• The military applications contemplated for unmanned vehicles are unlikely to be developed without substantial military investment and development.
  • The limiting features associated with the most-complex missions are not necessarily associated with autonomy, and it might not be useful to accelerate autonomy while such issues are still being worked out.
  • Under current kill chains and concepts of operation, autonomy is generally employed to replicate items in the kill chain exactly as they are carried out by manned systems.
  • The alignment between the expected future fleet and possible future uses of autonomy is not close, and author analyses suggest that some features desired for the future fleet are unlikely to be reached under the known program of record.
  • Policy issues related to autonomous systems applying rules of engagement do exist, and it is unlikely that these systems will be engineered in a way that avoids these issues. Slowing the decisionmaking of autonomous systems by interposing a human in the loop will likely cede a critical time advantage in a high-intensity environment. This delay is a choice and cannot be mitigated by technical improvements.
  • Some of the more promising uses of autonomy might be in using simple systems with limited autonomy for most functions — but adding the capacity for the systems to coordinate with each other.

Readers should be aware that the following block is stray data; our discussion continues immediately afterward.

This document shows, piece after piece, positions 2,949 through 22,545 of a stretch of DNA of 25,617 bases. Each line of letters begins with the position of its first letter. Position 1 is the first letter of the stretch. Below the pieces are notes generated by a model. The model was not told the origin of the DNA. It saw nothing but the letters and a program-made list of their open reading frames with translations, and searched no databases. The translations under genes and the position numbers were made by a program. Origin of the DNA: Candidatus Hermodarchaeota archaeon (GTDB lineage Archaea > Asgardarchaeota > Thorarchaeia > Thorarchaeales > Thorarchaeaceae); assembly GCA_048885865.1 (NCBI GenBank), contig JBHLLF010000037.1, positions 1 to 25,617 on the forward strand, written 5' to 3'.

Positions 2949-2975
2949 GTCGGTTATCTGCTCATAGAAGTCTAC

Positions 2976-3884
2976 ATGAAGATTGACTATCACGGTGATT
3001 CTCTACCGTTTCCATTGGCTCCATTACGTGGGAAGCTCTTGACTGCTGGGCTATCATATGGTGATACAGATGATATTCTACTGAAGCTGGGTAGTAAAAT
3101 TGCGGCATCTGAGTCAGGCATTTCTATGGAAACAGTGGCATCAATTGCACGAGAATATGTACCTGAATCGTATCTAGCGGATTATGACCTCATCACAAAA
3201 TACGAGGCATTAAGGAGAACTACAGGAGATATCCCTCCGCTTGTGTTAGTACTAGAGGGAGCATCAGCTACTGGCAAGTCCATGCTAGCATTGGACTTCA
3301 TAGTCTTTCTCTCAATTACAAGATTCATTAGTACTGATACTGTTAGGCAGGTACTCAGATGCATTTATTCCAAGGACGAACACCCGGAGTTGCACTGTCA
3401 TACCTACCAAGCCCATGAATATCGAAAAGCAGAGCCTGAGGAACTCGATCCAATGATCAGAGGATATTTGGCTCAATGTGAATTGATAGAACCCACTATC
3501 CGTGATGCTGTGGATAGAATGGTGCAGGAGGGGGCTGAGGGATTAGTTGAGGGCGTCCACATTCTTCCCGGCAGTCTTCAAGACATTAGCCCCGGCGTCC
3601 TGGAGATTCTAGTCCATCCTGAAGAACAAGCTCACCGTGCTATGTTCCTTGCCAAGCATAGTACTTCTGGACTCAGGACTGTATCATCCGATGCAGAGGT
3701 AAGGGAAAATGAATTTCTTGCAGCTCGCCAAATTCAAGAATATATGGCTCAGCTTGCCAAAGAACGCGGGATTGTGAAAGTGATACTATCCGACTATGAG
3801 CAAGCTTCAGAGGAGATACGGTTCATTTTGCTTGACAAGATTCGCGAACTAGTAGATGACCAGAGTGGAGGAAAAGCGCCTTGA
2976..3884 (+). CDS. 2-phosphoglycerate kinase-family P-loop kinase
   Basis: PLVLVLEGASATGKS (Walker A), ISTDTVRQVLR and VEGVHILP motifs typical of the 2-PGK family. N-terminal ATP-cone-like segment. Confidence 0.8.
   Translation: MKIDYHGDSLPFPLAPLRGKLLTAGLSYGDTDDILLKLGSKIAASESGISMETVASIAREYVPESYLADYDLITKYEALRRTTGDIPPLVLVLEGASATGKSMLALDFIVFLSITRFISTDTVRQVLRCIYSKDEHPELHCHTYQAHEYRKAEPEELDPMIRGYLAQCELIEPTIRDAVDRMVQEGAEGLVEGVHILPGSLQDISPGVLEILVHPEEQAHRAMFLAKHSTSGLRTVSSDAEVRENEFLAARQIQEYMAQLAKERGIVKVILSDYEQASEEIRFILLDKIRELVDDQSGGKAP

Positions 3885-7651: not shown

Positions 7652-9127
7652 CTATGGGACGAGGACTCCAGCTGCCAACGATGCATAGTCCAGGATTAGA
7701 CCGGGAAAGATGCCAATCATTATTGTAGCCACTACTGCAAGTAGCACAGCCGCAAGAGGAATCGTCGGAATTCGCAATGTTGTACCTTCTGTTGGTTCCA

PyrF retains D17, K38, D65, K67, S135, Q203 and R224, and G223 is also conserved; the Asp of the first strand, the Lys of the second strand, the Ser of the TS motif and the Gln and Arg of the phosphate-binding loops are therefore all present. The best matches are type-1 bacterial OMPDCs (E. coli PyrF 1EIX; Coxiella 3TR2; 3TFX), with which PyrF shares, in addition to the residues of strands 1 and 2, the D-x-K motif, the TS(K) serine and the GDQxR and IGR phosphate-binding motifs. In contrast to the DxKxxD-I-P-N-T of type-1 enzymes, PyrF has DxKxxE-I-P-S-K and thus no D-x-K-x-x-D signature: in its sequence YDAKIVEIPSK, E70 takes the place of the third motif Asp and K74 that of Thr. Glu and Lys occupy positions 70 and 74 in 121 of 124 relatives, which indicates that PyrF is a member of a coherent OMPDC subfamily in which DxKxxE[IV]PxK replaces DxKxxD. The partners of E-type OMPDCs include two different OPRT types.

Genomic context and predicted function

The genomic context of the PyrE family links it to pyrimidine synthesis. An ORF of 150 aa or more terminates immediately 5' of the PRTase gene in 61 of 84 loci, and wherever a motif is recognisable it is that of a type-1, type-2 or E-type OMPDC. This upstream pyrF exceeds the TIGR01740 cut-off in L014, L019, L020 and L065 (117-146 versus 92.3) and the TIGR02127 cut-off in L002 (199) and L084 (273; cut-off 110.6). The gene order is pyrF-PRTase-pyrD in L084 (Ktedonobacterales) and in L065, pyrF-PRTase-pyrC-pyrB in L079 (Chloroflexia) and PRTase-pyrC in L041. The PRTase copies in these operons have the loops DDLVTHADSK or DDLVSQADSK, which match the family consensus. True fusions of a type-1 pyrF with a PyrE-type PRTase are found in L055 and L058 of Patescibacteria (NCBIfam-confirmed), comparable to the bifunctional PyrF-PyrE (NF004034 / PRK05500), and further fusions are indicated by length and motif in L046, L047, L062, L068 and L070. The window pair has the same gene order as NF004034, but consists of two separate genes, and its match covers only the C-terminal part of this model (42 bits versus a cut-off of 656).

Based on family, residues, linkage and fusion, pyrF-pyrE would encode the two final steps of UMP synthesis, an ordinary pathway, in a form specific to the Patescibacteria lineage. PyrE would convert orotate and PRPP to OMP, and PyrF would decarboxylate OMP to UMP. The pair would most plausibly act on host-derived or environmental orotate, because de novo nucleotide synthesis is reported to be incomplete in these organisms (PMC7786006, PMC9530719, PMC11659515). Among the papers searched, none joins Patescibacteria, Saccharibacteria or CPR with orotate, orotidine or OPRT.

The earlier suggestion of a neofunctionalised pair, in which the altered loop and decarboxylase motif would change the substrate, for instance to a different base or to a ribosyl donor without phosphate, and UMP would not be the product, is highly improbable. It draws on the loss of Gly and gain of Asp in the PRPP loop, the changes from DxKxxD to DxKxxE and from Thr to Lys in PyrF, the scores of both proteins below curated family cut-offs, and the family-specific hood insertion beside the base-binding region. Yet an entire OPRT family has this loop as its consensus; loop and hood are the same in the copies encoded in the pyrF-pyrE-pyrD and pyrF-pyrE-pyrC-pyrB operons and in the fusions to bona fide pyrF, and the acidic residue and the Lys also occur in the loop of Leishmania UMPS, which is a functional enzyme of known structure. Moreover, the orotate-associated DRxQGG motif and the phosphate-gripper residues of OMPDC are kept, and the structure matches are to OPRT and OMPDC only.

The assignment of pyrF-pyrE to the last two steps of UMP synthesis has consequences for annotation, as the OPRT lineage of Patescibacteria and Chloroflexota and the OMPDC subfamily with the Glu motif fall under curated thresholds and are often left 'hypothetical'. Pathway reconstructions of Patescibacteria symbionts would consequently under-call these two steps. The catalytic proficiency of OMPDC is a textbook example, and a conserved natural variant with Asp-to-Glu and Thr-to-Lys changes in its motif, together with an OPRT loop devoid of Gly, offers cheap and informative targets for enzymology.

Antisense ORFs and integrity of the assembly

• The Navy should revisit assumptions concerning technological progress in autonomy. The research indicates that the capability for autonomous systems to interpret context and make independent decisions, particularly in a dynamic environment, is not realistic in the short term.
  • The Navy should align the development of autonomy with the development of other capabilities, such as power generation and storage, that might be limiting factors.
  • The Navy should use the unique features of autonomy to enable new concepts of operation. It seems particularly promising to employ simple but numerous systems carrying different kinds of sensors.